About Me

I am a Professor of Political Science at University College London. I have been Head of Department from October 2021.

Recently, my research has focused on developing new designs for highly multidimensional survey experiments that enable us to better measure key concepts relevant to public opinion and political behaviour. This has included projects introducing new methods for measuring the relative importance of different issues to voters; the extent to which there are robust patterns in which kinds of political arguments are persuasive; public preferences over the composition of government spending; public attitudes towards alternative ways that governments raise tax revenues; the extent to which political disagreement can be ascribed to moral disagreement; and the relative perceived severity, and priority for government action, of different politically salient problems. In addition, I am working on a textbook on social science measurement, a book on the structure of public opinion and voter behaviour, and a project examining public attitudes to democracy in the UK.

Earlier in my career, my research was focused on the development of new methods for the measurement of political preferences from large observational survey, voting, network and text datasets. This work included applications to citizens, legislators and judges across the US, UK, EU and beyond.

I worked as a Senior Data Science Advisor to YouGov from 2016-2021 and was an Associate Editor of the American Political Science Review from 2016-2020. Before joining UCL, I worked at the London School of Economics as a Lecturer, Associate Professor, and Professor from 2011 to 2018.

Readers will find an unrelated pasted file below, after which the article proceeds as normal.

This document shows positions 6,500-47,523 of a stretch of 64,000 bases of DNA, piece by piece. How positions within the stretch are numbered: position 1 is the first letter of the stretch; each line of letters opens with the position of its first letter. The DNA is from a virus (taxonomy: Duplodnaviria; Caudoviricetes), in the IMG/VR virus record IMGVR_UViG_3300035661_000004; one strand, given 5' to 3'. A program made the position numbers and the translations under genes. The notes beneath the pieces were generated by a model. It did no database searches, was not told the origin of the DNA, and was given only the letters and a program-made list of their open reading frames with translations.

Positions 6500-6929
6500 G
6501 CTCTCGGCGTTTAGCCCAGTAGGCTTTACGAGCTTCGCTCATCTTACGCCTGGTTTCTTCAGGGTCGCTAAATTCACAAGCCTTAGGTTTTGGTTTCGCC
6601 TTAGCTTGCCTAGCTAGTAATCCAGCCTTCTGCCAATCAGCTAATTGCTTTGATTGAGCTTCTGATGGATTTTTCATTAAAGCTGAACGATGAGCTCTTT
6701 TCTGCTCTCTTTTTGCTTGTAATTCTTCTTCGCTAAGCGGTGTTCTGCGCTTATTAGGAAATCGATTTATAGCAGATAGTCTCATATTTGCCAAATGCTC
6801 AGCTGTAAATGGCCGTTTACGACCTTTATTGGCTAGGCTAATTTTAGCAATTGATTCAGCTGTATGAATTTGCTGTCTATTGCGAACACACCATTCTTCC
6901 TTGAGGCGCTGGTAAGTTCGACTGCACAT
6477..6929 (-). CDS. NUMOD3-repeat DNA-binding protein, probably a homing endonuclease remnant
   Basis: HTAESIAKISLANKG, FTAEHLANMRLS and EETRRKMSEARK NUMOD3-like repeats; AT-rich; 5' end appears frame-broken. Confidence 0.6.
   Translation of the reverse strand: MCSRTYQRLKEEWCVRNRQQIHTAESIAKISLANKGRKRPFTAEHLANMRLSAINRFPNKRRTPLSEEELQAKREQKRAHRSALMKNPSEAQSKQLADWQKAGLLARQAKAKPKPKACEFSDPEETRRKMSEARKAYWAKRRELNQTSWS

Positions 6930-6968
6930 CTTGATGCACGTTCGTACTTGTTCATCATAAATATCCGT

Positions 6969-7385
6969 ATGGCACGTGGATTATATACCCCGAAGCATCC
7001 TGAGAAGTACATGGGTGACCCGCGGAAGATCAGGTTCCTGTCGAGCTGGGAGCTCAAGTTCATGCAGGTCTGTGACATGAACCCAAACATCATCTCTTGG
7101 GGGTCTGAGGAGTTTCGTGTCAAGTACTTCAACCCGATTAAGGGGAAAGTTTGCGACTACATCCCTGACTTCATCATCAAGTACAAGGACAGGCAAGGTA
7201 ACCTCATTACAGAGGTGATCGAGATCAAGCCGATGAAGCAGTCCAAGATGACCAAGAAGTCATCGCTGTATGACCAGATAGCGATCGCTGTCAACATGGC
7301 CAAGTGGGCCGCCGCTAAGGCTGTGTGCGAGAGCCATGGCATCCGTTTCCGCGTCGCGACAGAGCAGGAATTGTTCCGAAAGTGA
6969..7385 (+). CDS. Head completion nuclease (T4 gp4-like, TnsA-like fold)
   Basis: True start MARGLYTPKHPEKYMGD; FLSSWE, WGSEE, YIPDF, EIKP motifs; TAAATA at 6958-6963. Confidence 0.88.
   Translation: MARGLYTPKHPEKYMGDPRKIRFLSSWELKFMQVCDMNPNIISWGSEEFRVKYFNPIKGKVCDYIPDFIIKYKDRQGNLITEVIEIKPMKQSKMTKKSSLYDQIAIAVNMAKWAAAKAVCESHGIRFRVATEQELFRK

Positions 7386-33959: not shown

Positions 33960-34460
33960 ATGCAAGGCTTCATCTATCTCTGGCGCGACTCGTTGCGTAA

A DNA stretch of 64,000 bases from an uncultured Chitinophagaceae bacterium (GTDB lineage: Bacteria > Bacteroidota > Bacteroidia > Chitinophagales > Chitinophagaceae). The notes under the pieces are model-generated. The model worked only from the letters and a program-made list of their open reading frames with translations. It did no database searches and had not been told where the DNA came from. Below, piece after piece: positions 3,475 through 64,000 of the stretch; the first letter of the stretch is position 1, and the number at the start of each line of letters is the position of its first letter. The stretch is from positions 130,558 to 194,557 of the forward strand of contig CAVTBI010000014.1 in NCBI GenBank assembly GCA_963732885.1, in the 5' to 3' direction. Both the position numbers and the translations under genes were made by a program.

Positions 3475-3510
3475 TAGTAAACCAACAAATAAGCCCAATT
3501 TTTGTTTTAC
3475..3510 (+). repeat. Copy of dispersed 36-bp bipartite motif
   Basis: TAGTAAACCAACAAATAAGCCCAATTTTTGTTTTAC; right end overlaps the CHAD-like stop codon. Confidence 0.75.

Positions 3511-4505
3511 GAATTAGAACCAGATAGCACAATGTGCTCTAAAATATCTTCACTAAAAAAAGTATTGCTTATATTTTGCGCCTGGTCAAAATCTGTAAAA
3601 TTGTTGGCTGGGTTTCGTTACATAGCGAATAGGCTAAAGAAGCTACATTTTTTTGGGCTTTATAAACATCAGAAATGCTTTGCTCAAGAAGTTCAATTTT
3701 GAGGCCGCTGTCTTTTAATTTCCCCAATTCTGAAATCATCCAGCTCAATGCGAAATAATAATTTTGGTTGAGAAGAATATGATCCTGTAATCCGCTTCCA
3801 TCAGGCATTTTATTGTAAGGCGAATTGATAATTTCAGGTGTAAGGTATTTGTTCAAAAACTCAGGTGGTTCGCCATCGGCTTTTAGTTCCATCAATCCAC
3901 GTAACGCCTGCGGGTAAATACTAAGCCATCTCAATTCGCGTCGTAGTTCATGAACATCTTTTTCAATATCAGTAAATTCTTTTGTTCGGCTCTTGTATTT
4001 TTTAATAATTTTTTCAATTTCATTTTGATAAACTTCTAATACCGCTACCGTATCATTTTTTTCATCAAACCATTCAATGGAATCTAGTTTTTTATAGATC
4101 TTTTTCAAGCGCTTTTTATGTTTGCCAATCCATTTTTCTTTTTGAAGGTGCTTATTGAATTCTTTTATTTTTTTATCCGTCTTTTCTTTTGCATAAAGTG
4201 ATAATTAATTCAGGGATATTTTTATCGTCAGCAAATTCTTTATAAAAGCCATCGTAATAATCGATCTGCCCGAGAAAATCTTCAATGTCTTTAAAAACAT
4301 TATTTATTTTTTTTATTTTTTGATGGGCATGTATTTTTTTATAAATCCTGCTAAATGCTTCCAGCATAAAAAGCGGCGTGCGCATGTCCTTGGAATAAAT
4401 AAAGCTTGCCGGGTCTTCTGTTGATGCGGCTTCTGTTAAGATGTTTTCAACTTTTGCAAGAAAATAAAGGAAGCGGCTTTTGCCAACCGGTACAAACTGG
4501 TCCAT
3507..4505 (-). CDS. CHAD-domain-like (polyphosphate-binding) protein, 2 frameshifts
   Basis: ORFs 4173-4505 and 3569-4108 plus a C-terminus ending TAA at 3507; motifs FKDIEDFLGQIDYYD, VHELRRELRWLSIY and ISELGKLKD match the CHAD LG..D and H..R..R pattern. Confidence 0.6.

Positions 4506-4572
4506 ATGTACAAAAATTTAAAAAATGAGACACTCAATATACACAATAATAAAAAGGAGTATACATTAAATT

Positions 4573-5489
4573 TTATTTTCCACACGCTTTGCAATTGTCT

Curriculum Vitae pdf



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Recent Blog Posts


I have just completed a 3.75 year tenure as an associate editor of the American Political Science Review. Over that time, as one of six associate editors, I have managed the review process for 742 manuscripts, about 200 per year. Here are some departing thoughts on the job in no particular order and with no overarching thesis. I wish the new editorial team well. Being an editor is a constant, low-level source of stress.

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The slide deck linked below reports an initial performance review for the YouGov MRP model of the 2019 UK general election. As I noted in a series of tweets the day after the election the overall performance was mixed. The headline Conservative seat prediction was too low (339 vs 365), but on many other metrics the model performed well, capturing many important features of how party vote shares changed across UK constituencies versus the previous election in 2017.

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